Photo Curtosey of Michael McGettigan
By Steven Rea
It’s not Amsterdam… yet, but Philadelphia – William Penn’s “greene country towne,” now in its 326th year – is getting there. Take a look at rush-hour traffic on the streets of Center City: Yes, still dominated by cars, buses and cabs, but the number of bicyclists is booming – double the number over the last three years, says Alex Doty, the executive director of the Bicycle Coalition of Greater Philadelphia.
Women in business suits, college students in sweats, restaurant workers and messengers, hipsters, hardhats and hospital interns – all stopped at the lights along Chestnut and Walnut (well, maybe not all stopped), straddling their road bikes and vintage three-speeds, folders and fixies, BMX bikes and beaters. Part of an estimated crowd of 36,000 cyclists on their daily rounds around Fitler Square, on tree-lined blocks of brownstones and brick row-houses, kids ride to their schools – sometimes with their parents alongside, sometimes not. All over the city, from Society Hill to Fishtown, cops patrol on bikes, recyclers haul trash on bikes, takeout guys deliver on bikes.
Try to find a space to lock your wheels at the gastro pubs of Northern Liberties and South Philly – the Standard Tap, say, or POPE: bikes piled three high on lamp posts and poles, moored to the artist-crafted wrought-iron rings affixed to the bar's outside walls, the gates and fences like site-specific sculptures of metal and rubber, a tangle of wheels and metal, Kryptonite and Brooks.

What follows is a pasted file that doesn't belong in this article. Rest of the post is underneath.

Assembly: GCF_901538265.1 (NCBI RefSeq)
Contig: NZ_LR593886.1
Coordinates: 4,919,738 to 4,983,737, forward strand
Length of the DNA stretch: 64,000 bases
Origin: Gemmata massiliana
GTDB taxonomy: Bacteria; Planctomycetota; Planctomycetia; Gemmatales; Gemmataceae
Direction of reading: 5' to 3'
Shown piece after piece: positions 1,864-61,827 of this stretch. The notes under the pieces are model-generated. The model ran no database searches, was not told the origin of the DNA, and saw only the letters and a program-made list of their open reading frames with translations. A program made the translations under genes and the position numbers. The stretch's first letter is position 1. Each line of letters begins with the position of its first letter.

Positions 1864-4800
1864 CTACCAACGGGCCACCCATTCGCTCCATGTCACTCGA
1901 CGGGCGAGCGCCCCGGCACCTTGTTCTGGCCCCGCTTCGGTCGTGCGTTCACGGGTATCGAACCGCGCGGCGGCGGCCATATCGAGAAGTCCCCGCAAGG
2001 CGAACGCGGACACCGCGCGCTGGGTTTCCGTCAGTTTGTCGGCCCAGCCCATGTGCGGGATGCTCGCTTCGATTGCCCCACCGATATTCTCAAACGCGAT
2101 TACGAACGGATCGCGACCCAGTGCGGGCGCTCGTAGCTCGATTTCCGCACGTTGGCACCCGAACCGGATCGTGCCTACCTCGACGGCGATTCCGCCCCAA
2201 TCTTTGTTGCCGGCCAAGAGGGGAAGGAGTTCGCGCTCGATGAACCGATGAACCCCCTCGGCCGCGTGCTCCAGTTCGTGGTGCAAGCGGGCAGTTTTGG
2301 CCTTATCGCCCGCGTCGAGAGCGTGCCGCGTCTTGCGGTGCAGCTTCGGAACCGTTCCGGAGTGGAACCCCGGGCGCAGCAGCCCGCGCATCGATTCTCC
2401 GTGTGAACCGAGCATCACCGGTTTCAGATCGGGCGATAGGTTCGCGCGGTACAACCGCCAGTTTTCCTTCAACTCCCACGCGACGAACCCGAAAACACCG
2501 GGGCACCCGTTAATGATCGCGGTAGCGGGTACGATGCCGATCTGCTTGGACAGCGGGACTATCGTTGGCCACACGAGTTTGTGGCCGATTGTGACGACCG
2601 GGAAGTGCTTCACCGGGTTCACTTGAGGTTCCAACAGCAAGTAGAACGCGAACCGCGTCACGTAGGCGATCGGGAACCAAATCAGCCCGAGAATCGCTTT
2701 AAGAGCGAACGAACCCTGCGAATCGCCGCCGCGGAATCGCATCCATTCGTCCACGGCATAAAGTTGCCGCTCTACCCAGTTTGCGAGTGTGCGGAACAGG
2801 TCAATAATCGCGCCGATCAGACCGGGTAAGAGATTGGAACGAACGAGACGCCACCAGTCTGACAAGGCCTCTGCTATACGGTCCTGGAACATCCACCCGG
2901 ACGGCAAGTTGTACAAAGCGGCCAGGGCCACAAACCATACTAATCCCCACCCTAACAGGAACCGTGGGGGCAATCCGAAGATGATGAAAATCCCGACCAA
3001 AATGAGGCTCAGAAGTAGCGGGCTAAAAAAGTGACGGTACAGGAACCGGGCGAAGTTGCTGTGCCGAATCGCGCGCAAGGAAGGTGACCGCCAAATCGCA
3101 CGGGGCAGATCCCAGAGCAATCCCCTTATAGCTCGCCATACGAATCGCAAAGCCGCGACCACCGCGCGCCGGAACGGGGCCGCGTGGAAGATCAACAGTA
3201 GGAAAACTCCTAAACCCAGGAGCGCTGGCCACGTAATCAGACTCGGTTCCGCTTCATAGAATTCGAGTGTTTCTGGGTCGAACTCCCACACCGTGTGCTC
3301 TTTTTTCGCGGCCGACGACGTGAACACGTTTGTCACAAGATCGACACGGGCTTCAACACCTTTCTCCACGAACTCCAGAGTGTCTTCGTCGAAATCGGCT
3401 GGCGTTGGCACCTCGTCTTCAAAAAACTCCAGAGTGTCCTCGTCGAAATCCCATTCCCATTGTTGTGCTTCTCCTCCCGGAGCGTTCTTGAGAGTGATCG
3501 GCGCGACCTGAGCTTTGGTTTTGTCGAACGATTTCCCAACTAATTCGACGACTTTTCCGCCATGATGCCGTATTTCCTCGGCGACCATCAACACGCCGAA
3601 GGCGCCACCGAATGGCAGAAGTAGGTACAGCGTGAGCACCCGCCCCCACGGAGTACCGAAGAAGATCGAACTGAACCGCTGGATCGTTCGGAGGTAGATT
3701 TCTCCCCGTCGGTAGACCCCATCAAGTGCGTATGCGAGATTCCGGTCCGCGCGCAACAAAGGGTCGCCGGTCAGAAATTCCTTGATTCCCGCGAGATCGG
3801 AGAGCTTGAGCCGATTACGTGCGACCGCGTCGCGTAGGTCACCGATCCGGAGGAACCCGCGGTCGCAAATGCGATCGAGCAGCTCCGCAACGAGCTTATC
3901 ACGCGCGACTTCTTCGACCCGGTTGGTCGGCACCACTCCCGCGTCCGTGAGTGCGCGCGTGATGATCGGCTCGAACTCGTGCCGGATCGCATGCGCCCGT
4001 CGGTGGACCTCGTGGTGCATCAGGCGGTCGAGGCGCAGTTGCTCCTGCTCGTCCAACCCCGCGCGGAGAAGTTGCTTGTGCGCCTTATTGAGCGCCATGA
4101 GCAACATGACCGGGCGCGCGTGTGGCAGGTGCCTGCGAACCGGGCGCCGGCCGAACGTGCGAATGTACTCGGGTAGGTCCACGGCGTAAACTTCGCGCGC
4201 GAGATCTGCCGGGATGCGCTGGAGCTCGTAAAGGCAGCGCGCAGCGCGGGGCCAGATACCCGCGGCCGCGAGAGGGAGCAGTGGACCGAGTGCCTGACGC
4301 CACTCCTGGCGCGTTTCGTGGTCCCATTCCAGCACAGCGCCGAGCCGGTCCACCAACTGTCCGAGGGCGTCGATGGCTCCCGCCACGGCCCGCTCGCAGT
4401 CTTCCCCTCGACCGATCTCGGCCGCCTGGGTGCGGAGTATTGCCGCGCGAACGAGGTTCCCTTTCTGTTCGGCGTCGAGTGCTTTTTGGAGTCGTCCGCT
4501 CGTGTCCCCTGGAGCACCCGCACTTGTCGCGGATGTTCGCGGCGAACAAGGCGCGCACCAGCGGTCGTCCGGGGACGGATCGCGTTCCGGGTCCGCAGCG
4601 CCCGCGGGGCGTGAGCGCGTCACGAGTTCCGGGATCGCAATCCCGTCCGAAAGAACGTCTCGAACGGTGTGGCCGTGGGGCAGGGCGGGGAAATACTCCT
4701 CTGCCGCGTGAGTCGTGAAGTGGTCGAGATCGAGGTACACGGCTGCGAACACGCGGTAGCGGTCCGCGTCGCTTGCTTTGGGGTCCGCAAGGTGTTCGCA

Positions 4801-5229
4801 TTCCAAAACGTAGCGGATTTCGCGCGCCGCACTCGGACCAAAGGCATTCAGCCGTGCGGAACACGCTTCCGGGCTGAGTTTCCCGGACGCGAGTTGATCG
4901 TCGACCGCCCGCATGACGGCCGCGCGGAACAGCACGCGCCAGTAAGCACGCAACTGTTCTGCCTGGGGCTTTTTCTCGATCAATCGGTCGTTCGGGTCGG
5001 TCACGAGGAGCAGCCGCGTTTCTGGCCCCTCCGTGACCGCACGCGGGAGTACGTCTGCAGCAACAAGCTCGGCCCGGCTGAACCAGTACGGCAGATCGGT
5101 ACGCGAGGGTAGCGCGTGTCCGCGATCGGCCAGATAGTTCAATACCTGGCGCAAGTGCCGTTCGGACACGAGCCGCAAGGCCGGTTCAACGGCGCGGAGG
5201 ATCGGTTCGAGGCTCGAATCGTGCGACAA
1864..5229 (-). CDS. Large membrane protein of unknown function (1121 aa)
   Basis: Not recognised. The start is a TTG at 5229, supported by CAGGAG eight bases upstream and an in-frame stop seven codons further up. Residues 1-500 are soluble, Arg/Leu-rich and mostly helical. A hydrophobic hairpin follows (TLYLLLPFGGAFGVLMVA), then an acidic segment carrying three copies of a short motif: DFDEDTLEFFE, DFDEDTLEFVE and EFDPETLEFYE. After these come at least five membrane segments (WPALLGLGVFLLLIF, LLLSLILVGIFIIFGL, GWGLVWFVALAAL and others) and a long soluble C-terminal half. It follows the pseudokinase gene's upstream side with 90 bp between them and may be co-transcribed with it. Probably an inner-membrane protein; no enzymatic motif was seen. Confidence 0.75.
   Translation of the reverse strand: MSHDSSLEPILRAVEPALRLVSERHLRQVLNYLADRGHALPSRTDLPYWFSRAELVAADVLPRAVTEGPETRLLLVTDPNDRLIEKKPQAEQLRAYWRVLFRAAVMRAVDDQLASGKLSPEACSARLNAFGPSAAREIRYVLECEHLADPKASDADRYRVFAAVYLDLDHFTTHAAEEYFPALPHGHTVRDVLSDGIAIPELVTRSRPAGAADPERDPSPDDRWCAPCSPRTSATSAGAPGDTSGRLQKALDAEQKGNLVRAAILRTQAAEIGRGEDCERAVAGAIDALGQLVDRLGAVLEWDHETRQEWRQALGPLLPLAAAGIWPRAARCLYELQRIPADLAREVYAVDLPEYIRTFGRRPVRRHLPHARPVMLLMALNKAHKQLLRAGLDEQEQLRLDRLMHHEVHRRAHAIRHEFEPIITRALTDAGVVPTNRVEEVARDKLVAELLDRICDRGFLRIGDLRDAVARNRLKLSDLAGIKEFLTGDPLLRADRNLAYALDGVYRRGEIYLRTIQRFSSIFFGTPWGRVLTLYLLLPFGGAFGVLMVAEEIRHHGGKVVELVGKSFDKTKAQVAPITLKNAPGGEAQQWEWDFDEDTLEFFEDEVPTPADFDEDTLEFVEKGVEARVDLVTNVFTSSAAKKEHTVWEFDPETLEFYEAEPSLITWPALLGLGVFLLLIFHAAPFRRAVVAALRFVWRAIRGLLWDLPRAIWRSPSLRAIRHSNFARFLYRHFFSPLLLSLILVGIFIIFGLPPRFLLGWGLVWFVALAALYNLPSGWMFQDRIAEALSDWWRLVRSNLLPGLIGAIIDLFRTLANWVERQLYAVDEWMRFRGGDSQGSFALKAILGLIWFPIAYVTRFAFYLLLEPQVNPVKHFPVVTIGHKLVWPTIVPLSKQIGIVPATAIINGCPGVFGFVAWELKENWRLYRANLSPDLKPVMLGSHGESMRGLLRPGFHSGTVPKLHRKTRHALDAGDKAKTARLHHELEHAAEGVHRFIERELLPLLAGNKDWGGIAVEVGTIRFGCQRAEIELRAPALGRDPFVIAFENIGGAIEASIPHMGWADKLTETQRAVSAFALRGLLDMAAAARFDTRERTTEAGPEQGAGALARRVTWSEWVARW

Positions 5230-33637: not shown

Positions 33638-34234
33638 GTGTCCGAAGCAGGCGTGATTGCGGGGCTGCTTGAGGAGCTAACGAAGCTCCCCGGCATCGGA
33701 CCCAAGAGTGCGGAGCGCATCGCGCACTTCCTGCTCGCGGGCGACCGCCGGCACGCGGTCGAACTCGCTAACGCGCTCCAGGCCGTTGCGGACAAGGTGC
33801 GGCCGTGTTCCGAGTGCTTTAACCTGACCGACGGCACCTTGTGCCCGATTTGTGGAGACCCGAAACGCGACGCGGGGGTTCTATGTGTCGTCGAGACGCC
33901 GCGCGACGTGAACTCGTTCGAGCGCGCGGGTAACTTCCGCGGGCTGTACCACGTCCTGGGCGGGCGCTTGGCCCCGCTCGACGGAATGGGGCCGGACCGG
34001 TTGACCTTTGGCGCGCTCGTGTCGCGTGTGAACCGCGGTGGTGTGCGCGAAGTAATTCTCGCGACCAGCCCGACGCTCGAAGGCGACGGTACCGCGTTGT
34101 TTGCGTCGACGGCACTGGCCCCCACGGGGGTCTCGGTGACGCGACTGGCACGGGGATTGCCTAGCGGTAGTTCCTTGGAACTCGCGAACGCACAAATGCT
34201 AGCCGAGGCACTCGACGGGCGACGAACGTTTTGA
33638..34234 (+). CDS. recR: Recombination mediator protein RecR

Philadelphia – where the first bicycle was introduced to America at the 1876 Bicentennial at Exposition Hall and where Mayor Nutter led an informal peloton along the Schuylkill River toward City Hall for Bike to Work Week this spring – is fast gaining a reputation as the bike-friendliest place on the East Coast and is earning a new nickname: The City of Bikerly Love. And there is legislation in City Council to establish a Philadelphia bike-share program modeled on ones running in Paris and Madrid.
“I’ve biked all over the world,” says Kimberley Leahy, 37, chair of the Communications Department at Chestnut Hill College, “and Philadelphia’s beautiful to bike in. It’s the fifth largest city in the country, and we’ve still got the greenest city in the country. Fairmount Park is bigger than Central Park. A lot of the city is flat. It’s perfect.”
Leahy isn’t kidding: she lived in Dubai for a year, taking her road bike and Huffington, her Pomeranian, along with her. She and her six-pound pooch (his head popping out of a backpack) have ridden in Holland and Lithuania. She was recently wheeling on her Trek 4500 to South Street – Huffington alertly looking over Leahy’s shoulder – to grab lunch with a friend.
“It’s a thing that makes sense for people to do… and it’s something that naturally fits with Philadelphia,” says Doty, the city’s cycling advocate who commutes four miles from West Philadelphia and often goes for rides with his nine-year-old son (on his new road bike) and four-year-old daughter (in a trailer). “You know, we don’t have a mountain in the middle of the city like Montreal.”